I think for a long time, the phrase “art cinema” was synonymous with Ingmar Bergman: black and white; really deep thoughts about Life, The Universe and Everything; playing chess with Death and other abstract visuals, etc. And to Bergman’s credit, he became popular enough that such imagery became so cliche. But does that mean people love his films the way they love those of Kubrick or Scorsese?
There are a bunch of YouTube videos in which critics and filmmakers and scholars talk at length about why Bergman is so great and what his films are “really” all about, but if I’m coming at him from the perspective of just another film fan, albeit one with a little more knowledge of film history than some, I shouldn’t need any of that for me to appreciate his work; indeed, I’m trying hard to avoid those videos while writing this post about Persona because I want to be as unbiased in my opinions as possible.
Some might say knowing Bergman and his worldview is necessary to grok his films—but did the average moviegoer have that information when he made his movies during the sixties, pre-Internet? If Bergman was the capital-A Ar-TEEst he was proclaimed to be, I imagine he’d have wanted his work to speak for itself. So let’s give it a shot.
Persona has a grand total of four speaking parts, not counting a brief narrator who struck me as superfluous: one man and three women, though one woman says perhaps a grand total of a dozen words throughout the whole movie. If I interpret the plot, such as it is, correctly, it goes like this: famous actress has what appears to be some sort of mental breakdown on stage and goes to a hospital. She either can’t or won’t speak. The doctor says she ain’t crazy, she just needs a little time to herself, so she assigns a nurse to stay with her at the doctor’s beach house. The two really bond, but the actress might be faking whatever condition she’s supposed to have and she definitely takes advantage of her friendship with the nurse. Liv Ullmann is the actress and Bibi Andersson is the nurse. I’ll assume you’ve heard of them.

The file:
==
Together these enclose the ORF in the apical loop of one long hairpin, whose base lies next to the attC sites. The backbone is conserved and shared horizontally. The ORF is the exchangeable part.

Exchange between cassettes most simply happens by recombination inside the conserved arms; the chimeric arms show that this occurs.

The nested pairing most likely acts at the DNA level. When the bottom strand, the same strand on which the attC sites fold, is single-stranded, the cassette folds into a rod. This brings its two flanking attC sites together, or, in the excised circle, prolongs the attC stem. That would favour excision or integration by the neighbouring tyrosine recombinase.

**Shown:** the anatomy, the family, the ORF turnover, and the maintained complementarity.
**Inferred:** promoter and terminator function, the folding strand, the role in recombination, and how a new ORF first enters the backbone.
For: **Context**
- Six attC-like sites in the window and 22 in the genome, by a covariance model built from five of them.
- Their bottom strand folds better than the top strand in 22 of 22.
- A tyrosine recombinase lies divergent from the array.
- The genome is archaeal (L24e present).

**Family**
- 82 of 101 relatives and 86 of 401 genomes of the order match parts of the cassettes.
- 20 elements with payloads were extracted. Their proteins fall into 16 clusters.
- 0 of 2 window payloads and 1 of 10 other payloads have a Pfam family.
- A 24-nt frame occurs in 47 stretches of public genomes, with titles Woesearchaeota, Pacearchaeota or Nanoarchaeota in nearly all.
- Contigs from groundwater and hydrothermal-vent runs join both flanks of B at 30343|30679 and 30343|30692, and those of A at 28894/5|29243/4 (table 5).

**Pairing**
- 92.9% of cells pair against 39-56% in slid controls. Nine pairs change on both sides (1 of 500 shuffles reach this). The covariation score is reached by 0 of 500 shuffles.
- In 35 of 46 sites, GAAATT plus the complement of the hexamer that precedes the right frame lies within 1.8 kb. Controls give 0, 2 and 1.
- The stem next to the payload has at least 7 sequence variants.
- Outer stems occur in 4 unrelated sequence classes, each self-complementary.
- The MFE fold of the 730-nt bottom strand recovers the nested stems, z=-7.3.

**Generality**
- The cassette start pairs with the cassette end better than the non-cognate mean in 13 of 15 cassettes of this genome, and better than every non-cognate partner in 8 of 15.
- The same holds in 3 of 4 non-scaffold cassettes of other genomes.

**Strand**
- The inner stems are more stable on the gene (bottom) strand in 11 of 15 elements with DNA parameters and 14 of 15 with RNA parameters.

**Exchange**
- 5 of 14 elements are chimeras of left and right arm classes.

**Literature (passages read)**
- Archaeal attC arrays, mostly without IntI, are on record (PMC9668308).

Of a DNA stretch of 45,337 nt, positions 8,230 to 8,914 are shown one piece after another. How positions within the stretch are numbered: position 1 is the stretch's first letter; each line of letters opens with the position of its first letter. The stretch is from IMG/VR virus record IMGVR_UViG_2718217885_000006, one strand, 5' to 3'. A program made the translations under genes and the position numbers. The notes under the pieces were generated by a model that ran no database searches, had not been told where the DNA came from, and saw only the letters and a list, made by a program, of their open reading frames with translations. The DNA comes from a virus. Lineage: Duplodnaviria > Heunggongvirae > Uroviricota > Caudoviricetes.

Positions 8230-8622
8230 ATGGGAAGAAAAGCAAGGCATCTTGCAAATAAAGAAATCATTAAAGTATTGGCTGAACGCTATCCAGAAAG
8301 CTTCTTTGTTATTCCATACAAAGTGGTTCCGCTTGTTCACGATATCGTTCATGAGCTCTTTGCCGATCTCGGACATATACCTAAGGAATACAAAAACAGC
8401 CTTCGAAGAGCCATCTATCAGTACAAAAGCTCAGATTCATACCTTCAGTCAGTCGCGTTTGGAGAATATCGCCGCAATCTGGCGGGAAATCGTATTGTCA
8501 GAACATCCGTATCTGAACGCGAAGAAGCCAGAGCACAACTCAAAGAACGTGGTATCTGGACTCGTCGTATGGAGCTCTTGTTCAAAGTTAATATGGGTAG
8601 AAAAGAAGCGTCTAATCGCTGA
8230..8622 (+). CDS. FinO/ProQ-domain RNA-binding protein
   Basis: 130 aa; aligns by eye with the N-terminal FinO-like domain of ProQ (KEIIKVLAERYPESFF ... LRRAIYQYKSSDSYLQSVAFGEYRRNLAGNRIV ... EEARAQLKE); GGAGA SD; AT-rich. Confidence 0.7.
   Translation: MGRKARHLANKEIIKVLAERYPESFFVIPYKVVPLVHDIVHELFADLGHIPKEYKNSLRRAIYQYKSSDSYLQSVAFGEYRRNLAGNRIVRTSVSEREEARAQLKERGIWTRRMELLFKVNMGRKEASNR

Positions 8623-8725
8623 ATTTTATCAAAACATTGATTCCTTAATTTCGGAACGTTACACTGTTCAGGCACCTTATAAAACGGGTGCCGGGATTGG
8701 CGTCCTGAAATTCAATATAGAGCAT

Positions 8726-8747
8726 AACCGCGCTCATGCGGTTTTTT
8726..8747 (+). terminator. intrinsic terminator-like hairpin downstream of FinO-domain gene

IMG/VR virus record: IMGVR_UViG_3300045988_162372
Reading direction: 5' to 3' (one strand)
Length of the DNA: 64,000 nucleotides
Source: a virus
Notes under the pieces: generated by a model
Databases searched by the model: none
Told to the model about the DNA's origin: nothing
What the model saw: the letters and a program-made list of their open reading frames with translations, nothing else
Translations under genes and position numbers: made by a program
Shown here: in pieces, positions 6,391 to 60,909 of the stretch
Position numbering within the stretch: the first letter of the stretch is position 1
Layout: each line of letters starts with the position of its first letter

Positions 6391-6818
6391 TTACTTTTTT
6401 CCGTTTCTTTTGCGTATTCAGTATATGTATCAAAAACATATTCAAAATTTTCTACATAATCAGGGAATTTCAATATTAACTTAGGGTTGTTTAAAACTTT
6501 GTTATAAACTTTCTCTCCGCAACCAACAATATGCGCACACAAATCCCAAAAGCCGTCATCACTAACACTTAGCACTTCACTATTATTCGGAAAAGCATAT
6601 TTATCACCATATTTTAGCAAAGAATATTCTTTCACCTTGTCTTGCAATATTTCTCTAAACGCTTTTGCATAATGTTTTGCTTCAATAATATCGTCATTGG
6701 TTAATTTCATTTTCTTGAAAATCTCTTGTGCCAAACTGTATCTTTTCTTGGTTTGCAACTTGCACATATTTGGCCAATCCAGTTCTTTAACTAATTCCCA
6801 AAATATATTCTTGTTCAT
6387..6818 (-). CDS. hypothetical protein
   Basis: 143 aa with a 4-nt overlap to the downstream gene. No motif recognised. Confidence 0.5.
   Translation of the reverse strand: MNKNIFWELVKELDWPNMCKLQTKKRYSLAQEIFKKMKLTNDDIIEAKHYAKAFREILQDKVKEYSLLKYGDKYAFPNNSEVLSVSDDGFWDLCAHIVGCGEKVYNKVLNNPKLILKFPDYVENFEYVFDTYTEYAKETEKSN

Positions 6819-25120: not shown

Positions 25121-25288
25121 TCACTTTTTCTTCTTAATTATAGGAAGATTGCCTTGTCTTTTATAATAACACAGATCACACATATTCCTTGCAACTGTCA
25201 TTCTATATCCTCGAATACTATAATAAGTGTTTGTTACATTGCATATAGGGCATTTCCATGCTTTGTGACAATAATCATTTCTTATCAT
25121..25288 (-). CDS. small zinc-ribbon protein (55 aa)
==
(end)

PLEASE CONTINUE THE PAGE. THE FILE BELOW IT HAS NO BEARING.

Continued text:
That description by itself, however accurate (or inaccurate), does not not begin to describe the experience of watching this movie. For starters, the pre-opening credits sequence is just about the definition of abstract. In retrospect, it made a tiny bit of sense—I think the kid is supposed to be Ullmann’s son in the movie, but if so, why he’s presented the way he is boggles my mind.
|FWIW, shots like this made me think|
this was a French New Wave film.
Andersson talks a lot about her life—her job, her fiancée, sexual encounters she’s had, Ullmann and her life—but she also gets into some of those Really Deep Thoughts I mentioned, and I’m sorry, but if I don’t think it’s relevant to the story, my inclination is to just zone out on that stuff. What’s so amazing about Really Deep Thoughts?
Eventually she gets tired of playing Jay to Ullmann’s Silent Bob, and we get some physical conflict, but then a dude who I took to be Ullmann’s husband enters the picture. He wears dark glasses so I assumed he was blind, which would explain why he mistakes Andersson for Ullmann, but then she goes along with it...? And she maybe has sex with him?? And how is any of this meant to be therapeutic to Ullmann’s “condition”? Andersson’s character did not strike me as a specialist.
Story aside, Persona looks wonderful. I’ve heard of the DP, double Oscar winner Sven Nykvist. He makes nice use of natural lighting, both indoors and out. The shadows on the faces (and bodies) of Ullmann and Andersson and others almost take on abstract shapes at times. The women’s faces are juxtaposed in ways meant to complement each other as well as to contrast; there’s lip service about Andersson wishing she could be Ullmann and I think we’re meant to notice that. Their faces melt into each other at times, and this is done skillfully. I doubt Persona would be as memorable visually if it were in color.
As for acting? Well, they were both good, I guess. In Ullmann’s case, I thought of other silent performances in sound movies, like Holly Hunter in The Piano, though in that case, her character made an effort to communicate and be understood. Ullmann’s not completely laconic, but she’s also too much of an enigma. If this had been a psychological thriller, directed by, say, David Cronenberg, her actions would be more informative of her relationship to Andersson. At times, I almost thought that was what Bergman was going for, but no. The whole thing is interior and subjective.
Look, I get that some films won’t be understood in one viewing, and often times, that can be quite rewarding, but I need to want to return to an otherwise obtuse film for reasons besides the fact that it looks really cool. I admit, I expected to see Ullmann and Andersson get it on in some fashion (they don’t, but the sex scene Andersson describes almost makes up for that), but I also expected something in the way of insight about... I don’t know. Something. I don’t really think I wasted my time watching this, but I don’t think I gained much from it either.